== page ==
LCMOpen-source software product line extraction processes: the ArgoUML-SPL and Phaser cases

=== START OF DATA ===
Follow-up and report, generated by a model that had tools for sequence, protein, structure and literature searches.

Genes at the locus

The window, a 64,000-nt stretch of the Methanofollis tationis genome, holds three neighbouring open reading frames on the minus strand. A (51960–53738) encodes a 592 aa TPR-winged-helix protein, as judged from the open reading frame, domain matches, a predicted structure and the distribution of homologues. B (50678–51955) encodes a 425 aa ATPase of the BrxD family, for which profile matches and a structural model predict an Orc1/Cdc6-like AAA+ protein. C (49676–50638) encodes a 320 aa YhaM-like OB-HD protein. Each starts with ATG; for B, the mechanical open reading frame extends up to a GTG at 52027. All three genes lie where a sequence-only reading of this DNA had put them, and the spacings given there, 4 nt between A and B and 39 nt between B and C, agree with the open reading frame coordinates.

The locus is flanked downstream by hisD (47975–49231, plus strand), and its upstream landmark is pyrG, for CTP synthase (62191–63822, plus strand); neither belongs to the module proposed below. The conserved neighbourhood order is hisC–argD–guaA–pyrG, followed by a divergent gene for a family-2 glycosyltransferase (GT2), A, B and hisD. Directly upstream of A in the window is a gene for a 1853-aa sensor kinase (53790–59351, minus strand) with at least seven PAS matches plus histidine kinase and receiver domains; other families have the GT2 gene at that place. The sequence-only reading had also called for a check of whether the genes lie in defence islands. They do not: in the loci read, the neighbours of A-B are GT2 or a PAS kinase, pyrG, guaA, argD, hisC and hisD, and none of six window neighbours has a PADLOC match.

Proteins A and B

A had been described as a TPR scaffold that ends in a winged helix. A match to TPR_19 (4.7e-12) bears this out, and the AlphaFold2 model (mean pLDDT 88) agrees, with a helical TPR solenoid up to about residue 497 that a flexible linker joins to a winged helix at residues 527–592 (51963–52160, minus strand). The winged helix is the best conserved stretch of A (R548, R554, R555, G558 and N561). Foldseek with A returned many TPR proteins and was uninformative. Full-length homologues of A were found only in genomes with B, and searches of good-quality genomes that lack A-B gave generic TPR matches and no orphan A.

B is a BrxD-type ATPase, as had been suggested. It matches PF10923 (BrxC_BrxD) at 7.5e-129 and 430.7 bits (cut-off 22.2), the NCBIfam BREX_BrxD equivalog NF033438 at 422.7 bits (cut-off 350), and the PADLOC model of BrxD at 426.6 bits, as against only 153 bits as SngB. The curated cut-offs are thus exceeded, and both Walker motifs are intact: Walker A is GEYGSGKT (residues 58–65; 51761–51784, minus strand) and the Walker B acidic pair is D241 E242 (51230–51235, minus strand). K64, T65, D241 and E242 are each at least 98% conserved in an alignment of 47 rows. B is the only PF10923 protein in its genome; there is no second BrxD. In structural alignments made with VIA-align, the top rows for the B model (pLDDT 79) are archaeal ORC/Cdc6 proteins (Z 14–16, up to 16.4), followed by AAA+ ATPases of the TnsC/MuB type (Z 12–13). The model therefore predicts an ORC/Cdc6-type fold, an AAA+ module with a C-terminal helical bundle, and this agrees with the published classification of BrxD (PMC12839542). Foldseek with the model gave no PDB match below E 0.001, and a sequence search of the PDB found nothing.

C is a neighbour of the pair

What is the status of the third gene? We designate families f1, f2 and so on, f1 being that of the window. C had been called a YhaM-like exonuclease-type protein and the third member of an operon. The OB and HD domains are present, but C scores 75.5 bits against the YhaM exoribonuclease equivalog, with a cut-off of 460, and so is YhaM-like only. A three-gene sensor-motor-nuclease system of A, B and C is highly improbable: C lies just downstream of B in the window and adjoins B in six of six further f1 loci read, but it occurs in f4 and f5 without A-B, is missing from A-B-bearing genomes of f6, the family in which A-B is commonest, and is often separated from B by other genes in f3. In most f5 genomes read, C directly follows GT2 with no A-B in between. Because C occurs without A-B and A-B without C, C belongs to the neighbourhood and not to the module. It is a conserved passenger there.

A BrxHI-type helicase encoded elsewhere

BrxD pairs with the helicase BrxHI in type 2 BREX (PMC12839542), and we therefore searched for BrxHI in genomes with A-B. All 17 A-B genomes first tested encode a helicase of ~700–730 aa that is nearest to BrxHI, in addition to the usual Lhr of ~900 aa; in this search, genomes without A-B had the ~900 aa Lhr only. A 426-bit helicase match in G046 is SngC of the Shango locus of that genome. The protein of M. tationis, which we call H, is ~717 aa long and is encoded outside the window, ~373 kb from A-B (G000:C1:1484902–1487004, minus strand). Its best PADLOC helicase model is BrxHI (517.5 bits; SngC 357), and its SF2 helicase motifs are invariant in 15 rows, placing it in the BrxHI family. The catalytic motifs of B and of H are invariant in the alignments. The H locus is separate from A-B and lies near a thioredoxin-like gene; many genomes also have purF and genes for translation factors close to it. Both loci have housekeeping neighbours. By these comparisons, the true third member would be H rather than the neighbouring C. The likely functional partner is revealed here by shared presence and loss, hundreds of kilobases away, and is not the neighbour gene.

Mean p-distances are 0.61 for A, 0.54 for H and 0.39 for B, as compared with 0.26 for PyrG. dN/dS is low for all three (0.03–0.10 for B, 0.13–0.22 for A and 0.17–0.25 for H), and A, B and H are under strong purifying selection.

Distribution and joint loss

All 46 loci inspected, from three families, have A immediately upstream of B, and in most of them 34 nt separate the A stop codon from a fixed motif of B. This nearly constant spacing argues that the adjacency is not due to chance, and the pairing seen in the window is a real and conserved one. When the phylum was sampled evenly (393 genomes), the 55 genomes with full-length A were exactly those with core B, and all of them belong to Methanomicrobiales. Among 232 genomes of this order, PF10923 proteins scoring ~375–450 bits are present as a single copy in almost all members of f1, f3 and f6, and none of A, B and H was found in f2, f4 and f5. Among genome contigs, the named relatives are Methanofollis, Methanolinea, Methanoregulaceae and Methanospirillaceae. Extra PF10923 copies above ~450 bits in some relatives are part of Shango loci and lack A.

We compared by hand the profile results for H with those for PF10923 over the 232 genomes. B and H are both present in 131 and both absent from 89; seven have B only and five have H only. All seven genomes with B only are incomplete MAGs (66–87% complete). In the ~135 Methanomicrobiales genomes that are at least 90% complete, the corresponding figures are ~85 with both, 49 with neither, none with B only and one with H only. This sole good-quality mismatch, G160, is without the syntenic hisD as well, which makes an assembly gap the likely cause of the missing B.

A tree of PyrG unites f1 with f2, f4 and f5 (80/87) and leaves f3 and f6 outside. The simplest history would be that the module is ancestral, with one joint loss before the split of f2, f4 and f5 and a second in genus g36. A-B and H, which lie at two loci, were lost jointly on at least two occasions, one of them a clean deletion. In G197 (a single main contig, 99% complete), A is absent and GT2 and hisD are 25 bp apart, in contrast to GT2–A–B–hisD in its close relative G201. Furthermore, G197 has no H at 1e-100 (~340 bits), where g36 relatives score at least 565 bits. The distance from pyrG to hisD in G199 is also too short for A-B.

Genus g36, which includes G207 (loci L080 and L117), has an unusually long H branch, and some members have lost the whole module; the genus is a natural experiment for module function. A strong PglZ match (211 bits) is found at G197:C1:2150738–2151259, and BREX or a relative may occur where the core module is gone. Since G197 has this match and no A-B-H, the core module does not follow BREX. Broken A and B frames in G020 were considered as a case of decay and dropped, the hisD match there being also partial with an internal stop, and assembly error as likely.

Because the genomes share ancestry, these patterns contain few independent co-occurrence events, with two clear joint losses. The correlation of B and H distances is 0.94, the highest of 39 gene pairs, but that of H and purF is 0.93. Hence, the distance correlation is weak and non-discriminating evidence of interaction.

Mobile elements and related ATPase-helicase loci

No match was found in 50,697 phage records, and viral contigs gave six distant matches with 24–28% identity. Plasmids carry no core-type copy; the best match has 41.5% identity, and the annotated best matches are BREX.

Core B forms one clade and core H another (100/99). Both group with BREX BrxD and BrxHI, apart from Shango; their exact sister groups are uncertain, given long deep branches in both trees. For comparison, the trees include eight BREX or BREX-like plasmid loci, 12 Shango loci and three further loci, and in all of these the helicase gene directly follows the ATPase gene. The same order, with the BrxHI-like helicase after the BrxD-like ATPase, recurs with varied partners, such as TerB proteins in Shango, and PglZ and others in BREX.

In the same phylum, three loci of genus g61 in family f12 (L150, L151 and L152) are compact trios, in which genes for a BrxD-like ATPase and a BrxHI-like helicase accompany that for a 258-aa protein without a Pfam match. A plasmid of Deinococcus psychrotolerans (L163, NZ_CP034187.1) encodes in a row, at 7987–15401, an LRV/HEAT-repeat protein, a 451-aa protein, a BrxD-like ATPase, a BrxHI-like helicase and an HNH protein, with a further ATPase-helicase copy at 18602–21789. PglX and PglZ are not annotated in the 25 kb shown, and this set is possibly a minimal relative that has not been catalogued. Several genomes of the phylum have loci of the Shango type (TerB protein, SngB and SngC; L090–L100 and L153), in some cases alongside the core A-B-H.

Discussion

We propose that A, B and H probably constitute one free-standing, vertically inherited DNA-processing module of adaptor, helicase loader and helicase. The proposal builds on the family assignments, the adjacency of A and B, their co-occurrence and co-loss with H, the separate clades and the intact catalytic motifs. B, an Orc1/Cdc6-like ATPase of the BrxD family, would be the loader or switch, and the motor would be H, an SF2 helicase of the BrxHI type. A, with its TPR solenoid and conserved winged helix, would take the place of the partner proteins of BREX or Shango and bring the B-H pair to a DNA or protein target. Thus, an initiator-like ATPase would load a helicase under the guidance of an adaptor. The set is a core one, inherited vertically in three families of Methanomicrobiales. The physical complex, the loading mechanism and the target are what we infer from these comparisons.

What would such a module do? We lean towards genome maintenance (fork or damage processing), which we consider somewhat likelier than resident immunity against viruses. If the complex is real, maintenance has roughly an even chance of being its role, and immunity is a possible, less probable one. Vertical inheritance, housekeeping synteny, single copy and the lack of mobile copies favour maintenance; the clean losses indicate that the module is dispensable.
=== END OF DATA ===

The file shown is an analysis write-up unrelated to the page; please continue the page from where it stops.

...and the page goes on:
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Software Product Lines (SPLs) are rarely developed from scratch. Commonly, they emerge from one product when there is a need to create tailored variants, or from existing variants created in an ad-hoc way once their separated maintenance and evolution become challenging. Despite the vast literature about re-engineering systems into SPLs and related technical approaches, there is a lack of detailed analysis of the process itself and the effort involved. In this paper, we provide and analyze empirical data of the extraction processes of two open-source case studies, namely ArgoUML and Phaser. Both cases emerged from the transition of a monolithic system into an SPL. The analysis relies on information mined from the version control history of their respective source-code repositories and the discussion with developers that took part in the process. Unlike previous works that focused mostly on the structural results of the final SPL, the contribution of this study is an in-depth characterization of the processes. With this work, we aimed at providing a deeper understanding of the strategies for SPL extraction and their implications. Our results indicate that the source code changes can range from almost a fourth to over half of the total lines of code. Developers may or may not use branching strategies for feature extraction. Additionally, the problems faced during the extraction process may be due to lack of tool support, complexity on managing feature dependencies and issues with feature constraints. We made publicly available the datasets and the analysis scripts of both case studies to be used as a baseline for extractive SPL adoption research and practice.